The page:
Grape powdery mildew is easily seen in these vines that are part of Washington State University’s 1.5-acre research vineyard. Outside rows of the Chardonnay and Riesling vineyard have never been sprayed for mildew, creating a pathologist’s dream for mildew incidence. (Melissa Hansen/Good Fruit Grower)
Grape powdery mildew in the Pacific Northwest is an ongoing problem in wine grape vineyards; grape powdery mildew research is also ongoing. For nearly two decades, Washington State University researchers have conducted fungicide efficacy trials, screening hundreds of products.
In the early 1990s, Washington State University pathologist Dr. Gary Grove planted a small fungicide evaluation vineyard to study experimental and registered products, their rates, and timing of application.
Dr. Michelle Moyer, WSU extension viticulturist, gave a tour of the fungicide plot during a WSU grape field day last summer.
“When it comes to powdery mildew and Botrytis bunch rot, Chardonnay and Riesling are the ‘white rats’ in the Vitis vinifera world,” Moyer said. “Those two cultivars were selected for the trial because if a grape plant is going to get powdery mildew, those are the two that will get it.”
Chardonnay and Riesling are also susceptible to Botrytis bunch rot, allowing Grove to study efficacy against bunch rot in the same block.
The outside rows of the 1.5-acre block have never been sprayed for powdery mildew or bunch rot control.
“So, we have our very own naturally occurring disease, and we don’t need to inoculate the vines with a fungus or pathogen,” she said. In years of high disease pressure, the efficacy trial shows disease symptoms several weeks before commercial vineyards in Yakima Valley.
Multiple irrigation drip lines are included in the block so researchers can add extra water to encourage disease, if needed. Also, a weather station that is part of WSU’s statewide AgWeatherNet system is located next to the trial and provides accurate data to help researchers develop and fine-tune disease models.
Throughout the season, fruit and foliage are evaluated for disease severity and phytoxicity. Researchers want to know if the product controls disease on the fruit or foliage, or both. Hooded sprayers are used to minimize drift.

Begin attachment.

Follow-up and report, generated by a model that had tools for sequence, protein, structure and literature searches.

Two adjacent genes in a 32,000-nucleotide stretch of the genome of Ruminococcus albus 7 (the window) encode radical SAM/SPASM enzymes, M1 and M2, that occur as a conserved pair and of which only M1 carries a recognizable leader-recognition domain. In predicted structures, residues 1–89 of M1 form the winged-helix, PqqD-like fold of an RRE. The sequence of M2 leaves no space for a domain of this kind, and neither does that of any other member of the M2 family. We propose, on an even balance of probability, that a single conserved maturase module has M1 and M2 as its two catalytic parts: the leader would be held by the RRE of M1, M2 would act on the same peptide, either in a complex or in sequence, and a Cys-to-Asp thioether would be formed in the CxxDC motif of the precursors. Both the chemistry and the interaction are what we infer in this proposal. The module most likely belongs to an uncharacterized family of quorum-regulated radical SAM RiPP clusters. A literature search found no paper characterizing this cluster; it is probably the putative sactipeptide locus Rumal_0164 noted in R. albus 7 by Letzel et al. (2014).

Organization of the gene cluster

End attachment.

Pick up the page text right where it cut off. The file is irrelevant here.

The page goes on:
In 2013, more than 34 fungicide treatments were evaluated.
WSU scientists typically apply five to six fungicide sprays in a growing season, starting when shoots are 10 to 15 inches long.
“For powdery mildew control for fruit, we usually spray early in the season at prebloom, 50 percent bloom, fruit set, and then it depends on the weather if we spray more,” said Moyer. “We almost always stop applications around four weeks after bloom.”
For control on foliage, an additional early spray is applied and a few later if researchers are looking at Botrytis bunch rot control. Timing is everything in a powdery mildew control program.
“Most people spray too early and continue to spray too late,” she said. “If you’re having continual difficulty controlling mildew, you may need to consider if you have the right match of tractors and sprayers for your acreage.”
Although some growers apply dormant applications of lime sulfur to target overwintering cleistothecia, Moyer discouraged such applications. Dormant applications can help in areas with high levels of trunk diseases like eutypa and phomopsis, but for powdery mildew, the rates that are needed to be effective are much higher than the label allows.
“It’s always good to do your own spray trials if you are trying a new material,” she said during the field day. “On-farm spray trials are easy to set up, but the key is to have a control within your vineyard so you have something to compare the new treatment to.”
WSU has developed powdery mildew bulletins to help eastern and western Washington grape growers manage the disease. Bulletins contain a fungicide list of registered fungicides, active ingredients, fungicide class, fungicide grouping, mildew efficacy, and resistance risk. Such information is useful in developing fungicide resistance management programs.
Fungicide lists are updated annually in WSU’s Grape Pest Management Guide, a publication available as a download or hard copy. •
Melissa Hansen is the research program director for the Washington Wine Commission. Hansen previously was an associate editor at Good Fruit Grower from 1996 through 2015. Read her stories: Author Index